Interestingly (and if anyone wants to drop this into their literary theory PhD thesis, be my guest), Conrad's story first appeared as "The Heart of Darkness" in Blackwood's magazine, but when the book was published, the title was "Heart of Darkness".

[1] Other than the United States of America, obviously[3]. But there is a genuine exceptionalism here; the USA basically invented federalism and the geographical feature in question was more or less an entire continent that they were laying claim to. And in any case, I think it has to be recognised that "The United States of America" is a crap name; I forget which American comedian it was that noted that GREAT BRITAIN!! would never have got anywhere in the world if they'd called themselves "The Combined Parishes On An Island".

[2] As I've mentioned before on the blog, I am not a fan of the kind of beard-stroking pop-anthropology approach to treating any African political problem as "tribal", or to the kind of poor man's postimperialism that analyses all such problems as stemming from the original sin of the "artificiality" of African states; particularly I really don't rate these pipe dreams of a patchwork of "monoethnic" states that various bum-talkers occasionally draw up. But one does have to recognise that plenty of problems do have an ethnic dimension, and that obviously the political expression of that problem is going to depend on how the nation-state boundaries were drawn, just as the difference between the boundaries of Germany and the distribution of the German-speaking peoples caused no end of trouble in Europe last century.

[3] Or the Netherlands, but I'm not sure this is equivalent; lots of place names in Dutch have definite articles (muddying the waters further, "la France" has a definite article in French, but not in English).

[4] A worrying counterexample to this pet theory is Sudan, because Sudan isn't a geographical feature - "Bilad-al-Sudan" is Arabic for "Lands where the black people live". Sudan's a historical entity, though, and it was being called Sudan for a long time before the colonialists arrived.
56 comments this item posted by the management 4/15/2008 02:18:00 AM

Monday, April 14, 2008

... And now he wears his sister's

Goodness gracious. Cometh the hour, cometh Levy "The Cabbage" Mwanawasa. The President of Zambia, a man who I had marked down years ago as a real halfwit, is playing a diplomatic blinder. As far as I can see, in the face of Thabo Mbeki's complete failure to play his allotted role, Mwanawasa has stepped up to the task of organising the orderly disembarkation of Southern African political leaders from the sinking vessel MS Robert Mugabe. Meanwhile, Mbeki seems determined to emulate the boy who stood on the burning deck of this one.

Excellent article in the Observer this week, by the way[1] (a phrase you do not often hear around these parts). I've written about the role of broken land reform promises in the past, but I hadn't appreciated the role that Clare Short had played (I had, however, independently arrived at the view that she had been a disaster as Development Secretary, and a piece of high-handed patronisation combined with a whining argument from personal ancestral oppression would be entirely of a piece with the way she screwed the Montserratians).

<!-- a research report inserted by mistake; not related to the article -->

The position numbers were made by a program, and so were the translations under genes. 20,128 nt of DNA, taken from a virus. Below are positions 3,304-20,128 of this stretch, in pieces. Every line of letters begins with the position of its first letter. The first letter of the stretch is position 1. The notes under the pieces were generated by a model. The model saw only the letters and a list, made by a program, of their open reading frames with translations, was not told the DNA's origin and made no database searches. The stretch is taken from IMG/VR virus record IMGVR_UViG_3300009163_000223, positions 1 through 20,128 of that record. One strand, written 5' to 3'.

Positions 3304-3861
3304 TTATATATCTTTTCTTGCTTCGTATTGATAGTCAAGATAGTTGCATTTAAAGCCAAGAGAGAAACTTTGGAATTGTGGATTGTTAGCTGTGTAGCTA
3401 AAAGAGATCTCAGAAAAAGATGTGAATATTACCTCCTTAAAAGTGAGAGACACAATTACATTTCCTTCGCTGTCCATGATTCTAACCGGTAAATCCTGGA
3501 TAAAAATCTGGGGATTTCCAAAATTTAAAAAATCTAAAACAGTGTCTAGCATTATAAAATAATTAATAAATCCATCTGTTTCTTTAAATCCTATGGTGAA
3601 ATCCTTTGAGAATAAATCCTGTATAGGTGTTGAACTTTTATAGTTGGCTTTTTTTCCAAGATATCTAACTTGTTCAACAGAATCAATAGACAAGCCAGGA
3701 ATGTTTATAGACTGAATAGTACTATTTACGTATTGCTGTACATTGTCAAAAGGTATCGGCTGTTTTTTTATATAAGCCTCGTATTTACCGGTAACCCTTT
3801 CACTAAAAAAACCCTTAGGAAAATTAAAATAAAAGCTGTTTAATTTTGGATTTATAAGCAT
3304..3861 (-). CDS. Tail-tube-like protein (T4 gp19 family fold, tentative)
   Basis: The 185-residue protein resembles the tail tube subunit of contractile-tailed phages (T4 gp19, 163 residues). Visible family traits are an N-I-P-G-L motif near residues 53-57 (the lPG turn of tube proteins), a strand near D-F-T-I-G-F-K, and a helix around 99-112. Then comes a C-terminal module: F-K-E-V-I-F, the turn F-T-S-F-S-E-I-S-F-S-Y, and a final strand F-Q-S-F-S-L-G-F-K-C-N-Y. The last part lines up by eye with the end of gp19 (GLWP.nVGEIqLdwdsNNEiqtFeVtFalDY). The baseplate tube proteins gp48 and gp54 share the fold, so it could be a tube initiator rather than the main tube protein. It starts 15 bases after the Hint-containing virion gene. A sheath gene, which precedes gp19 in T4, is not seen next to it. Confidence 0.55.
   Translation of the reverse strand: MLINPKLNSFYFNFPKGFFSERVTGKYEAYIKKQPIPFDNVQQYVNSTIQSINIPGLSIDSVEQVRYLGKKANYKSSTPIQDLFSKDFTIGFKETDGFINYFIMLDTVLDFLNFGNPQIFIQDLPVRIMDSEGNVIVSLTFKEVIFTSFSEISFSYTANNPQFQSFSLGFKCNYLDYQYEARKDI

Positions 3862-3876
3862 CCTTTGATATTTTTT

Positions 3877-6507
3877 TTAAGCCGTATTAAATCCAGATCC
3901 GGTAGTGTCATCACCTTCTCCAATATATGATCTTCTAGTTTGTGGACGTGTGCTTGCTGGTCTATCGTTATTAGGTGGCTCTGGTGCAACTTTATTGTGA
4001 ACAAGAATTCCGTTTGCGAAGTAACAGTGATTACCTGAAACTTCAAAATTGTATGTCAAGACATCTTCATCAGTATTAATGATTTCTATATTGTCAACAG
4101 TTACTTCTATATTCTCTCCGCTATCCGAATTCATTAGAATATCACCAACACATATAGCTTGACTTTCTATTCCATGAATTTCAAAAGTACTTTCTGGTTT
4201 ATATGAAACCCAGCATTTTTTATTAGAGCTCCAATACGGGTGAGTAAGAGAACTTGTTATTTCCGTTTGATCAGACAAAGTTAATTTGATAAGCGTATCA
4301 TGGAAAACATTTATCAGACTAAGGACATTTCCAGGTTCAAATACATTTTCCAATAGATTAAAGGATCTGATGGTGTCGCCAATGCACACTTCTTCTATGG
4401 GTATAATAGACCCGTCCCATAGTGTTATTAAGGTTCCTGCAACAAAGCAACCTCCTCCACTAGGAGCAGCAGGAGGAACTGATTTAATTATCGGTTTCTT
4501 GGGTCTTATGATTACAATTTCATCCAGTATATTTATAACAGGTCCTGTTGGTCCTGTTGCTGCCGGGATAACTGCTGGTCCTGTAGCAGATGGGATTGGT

The message I take away from the McGreal article is that it's all about land. From the outside, we assume that Mugabe must be wildly unpopular because he's so evil and incompetent, but actually he isn't; even the MDC figures have him with a solid core of about 40% support, which is pretty much dependent on the fact that he has successfully portrayed himself as the party of land reform and MDC as the party of farmer interests.

This ties in with a pet theory of mine; that it's a real asset in commenting on third world politics if at some point in your life you've been involved, however tangentially, in a dispute over land. If you've never had an argument with someone about a patch of the planet that the two of you both want, you have no idea of how intense it gets[2]. When I was a kid my parents wasted large amounts of time for over a year in a dispute over the location of a fencepost and the precise status of a right of way round the back of a cottage with some go iawn joskyns y gwerin down on the Lleyn peninsula. My God, people get pretty bloody worked up over land. Consider the emotional relationship that the UK has with house prices. It's another fact about human nature like the mobile phones and satellite telly point above; us upright-walking monkeys, we like our communications technology and we like our land.

Given this, I worry rather a lot about what the World Bank and IMF have planned in their structural adjustment packages under the rubric of "property rights", "rule of law" etc. There's a distinct danger that (particularly given the undeniable facts about the relative productivity of large-scale agribusiness versus smallholdings) some out-of-town economists are going to impose a land distribution on Zimbabwe which contains within it the seeds of a civil war.

[1](here's an opposing view on what the UK did or didn't promise, from a civil servant present at Lancaster House; disastrous negotiations always tend to have this Rashomon quality)

[2] See also the occupied territories and other global conflicts which are an awful lot easier to solve in game theoretic models where people take a rational perspective view about the value of their land.
8 comments this item posted by the management 4/14/2008 02:48:00 AM

Wednesday, April 09, 2008

Diamonds are forever

(note that the project of getting well- or even acceptably well-informed about African politics is going slowly - last week's warning that the blog was likely to be the same old crap with a thin Afrocentric veneer on it (did someone say De La Soul?) is still in force).

Might as well drag this up from the numerous comments sections where I have ranted on the subject - fuck an awful lot of Kanye West. A number of chin-stroking white music critics actually lauded the man for his "political awareness" based on "Diamonds from Sierra Leone", despite the fact that:

1) the lyrics of the song do not in fact mention Sierra Leone, they are all about Kanye West. He apparently later did a remix of "Diamonds from Sierra Leone" where this ommission was rectified but